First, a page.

This is a poignant moment, underscoring how at theheart ofMalala’sstory is a vulnerable girl child wanting only togo toschool to learn things about her own life and theworld. Itis also a powerful moment in which Malala isshowing usa complex vision of Pakistani culture: one thatallows debateand dissent on what actually IS Pakistani andIslamicculture.The Taliban’s view of culture, and of women’s role assilent property, is thus being challenged by Malala, civilsociety, andnow the government. Toward the end of hermemoir, Malalanotes how many girls’ schools and collegesin Pakistanicities had been attacked and bombed sinceshe leftfor England. It is very clear that even when segregatedin all-girlsschools and colleges, where thousands ofPakistani parentsare sending their girls to get an education thatthey hopemight lead them to a better life, femaleeducation isnot acceptable to the Taliban.
Context of ‘Made in Dagenham’
The decade of the 1960s was a period of significant social change. It was known as 'the Swinging Sixties'. There was growth in British fashion, cinema and popular music. Two well-known pop music groups at the time were The Beatles and The Rolling Stones. People started to become better off and many bought cars and other consumergoods…symbolised by the Ford factory.It was also a time when social laws were liberalised, for example in relation to divorce and to abortion in England, Wales and Scotland. The position of women in the workplace also improved. It was quite common at the time for employers to ask women to leave their jobs when they got married, but Parliament passed new laws giving women the right to equal pay and made it illegal for employers to discriminate against women because of theirgender…things were changing.The 1960s was also a time of technological progress. Britain and France developed the world's only supersonic commercial airliner, Concorde. New styles of architecture, including high-rise buildings and the use of concrete and steel, became common.The number of people migrating from the West Indies, India and Pakistan and what is now Bangladesh fell in the late 1960s because the government passed new laws to restrict immigration to Britain. Immigrants were required to have a strong connection to Britain through birth or ancestry. Even so, during the early 1970s, Britain admitted 28,000 people of Indian origin who had been forced to leave Uganda.Males were in many ways insecure with the changing values – their position of power was changing.Fashion reflected a shift in women’s view of themselves and what they wanted for themselves (sexual liberation)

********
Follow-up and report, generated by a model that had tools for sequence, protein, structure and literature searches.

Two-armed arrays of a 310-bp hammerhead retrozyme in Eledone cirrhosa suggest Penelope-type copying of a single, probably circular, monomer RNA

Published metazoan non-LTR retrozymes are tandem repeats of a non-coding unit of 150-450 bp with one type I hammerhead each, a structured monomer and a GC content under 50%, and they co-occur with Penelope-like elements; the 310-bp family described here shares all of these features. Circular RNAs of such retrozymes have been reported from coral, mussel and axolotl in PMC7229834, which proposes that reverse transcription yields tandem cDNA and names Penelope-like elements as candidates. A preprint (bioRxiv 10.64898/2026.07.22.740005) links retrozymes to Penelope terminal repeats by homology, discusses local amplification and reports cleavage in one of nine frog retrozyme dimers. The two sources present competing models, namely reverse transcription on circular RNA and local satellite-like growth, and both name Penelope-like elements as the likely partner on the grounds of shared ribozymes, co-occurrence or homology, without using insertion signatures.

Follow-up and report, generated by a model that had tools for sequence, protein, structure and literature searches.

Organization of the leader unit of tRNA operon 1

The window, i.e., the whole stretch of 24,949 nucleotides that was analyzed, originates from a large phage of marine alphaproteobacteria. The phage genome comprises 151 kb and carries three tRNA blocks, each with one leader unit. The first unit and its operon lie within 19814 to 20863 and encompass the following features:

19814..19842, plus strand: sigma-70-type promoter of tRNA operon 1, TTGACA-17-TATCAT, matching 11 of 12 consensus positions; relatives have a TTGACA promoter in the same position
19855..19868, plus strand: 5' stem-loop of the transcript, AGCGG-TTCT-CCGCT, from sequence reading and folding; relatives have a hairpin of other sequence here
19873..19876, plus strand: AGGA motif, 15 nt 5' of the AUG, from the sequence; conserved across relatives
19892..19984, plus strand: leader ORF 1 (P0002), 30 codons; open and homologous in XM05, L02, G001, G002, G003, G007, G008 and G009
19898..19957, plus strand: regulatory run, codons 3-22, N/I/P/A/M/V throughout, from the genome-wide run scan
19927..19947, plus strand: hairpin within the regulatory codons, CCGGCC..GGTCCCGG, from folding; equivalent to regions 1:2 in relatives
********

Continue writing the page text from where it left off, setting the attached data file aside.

Context of ‘Made in Dagenham’
The strike, led by Rose Boland, Eileen Pullen, VeraSime, Gwen Davis, and Sheila Douglass, began on 7 June 1968, when women sewing machinists at Ford Motor Company Limited's Dagenham plant in London walked out, followed later by the machinists at Ford'sHalewoodBody & Assembly plant. The women made car seat covers and as stock ran out the strike eventually resulted in a halt to all car production. (Like ‘Malala’ a strong female voice)The Dagenham sewing machinists walked out when, as part of aregradingexercise, they were informed that their jobs were graded in Category B (less skilled production jobs), instead of Category C (more skilled production jobs), and that they would be paid 15% less than the full B rate received by men. At the time it was common practice for companies to pay women less than men, irrespective of the skills involved. Resisting inequality.Following the intervention of Barbara Castle, the Secretary of State for Employment and Productivity in Harold Wilson's government, the strike ended three weeks after it began, as a result of a deal that immediately increased their rate of pay to 8% below that of men, rising to the full category B rate the following year. A court of inquiry (under the Industrial Courts Act 1919) was also set up to consider theirregrading, although this failed to find in theirfavour. The women were onlyregradedinto Category C following a further six-week strike in 1984. (Women as leaders – similar to ‘Malala’)
Late 60s…a time of change and transition…
Well past post-war times and acceptance of women in work forceIt's1968 and 187 female machinists at the huge Ford Dagenham car plant in east London vote for a 24-hour stoppage in a dispute over grading.Employee conditions still not addressed. Employedto sew seat covers in a dilapidated building where the roof leaks, the women decide upon action when they are regraded as unskilled while male colleagues doing similar work are classified as semi-skilled.People challenged inequality and worker conditions – strength through unity (unions), power of the people was realised.Central to the story is the character of Rita O'Grady (Sally Hawkins), a newly radicalised union member who, alongside workmates Sandra, Eileen, Brenda and Connie, embodies the optimism of the late 1960s. She's fearless in the face of both management and the trade union leadership's determination to prevent further action and becomes the strike's unofficial leader. Encouraged by Albert, the plant's union rep, Rita wins her workmates to an all-out strike for equal pay. Symbolic of men and women working together (Just like ‘Malala’)
The power of people and one person…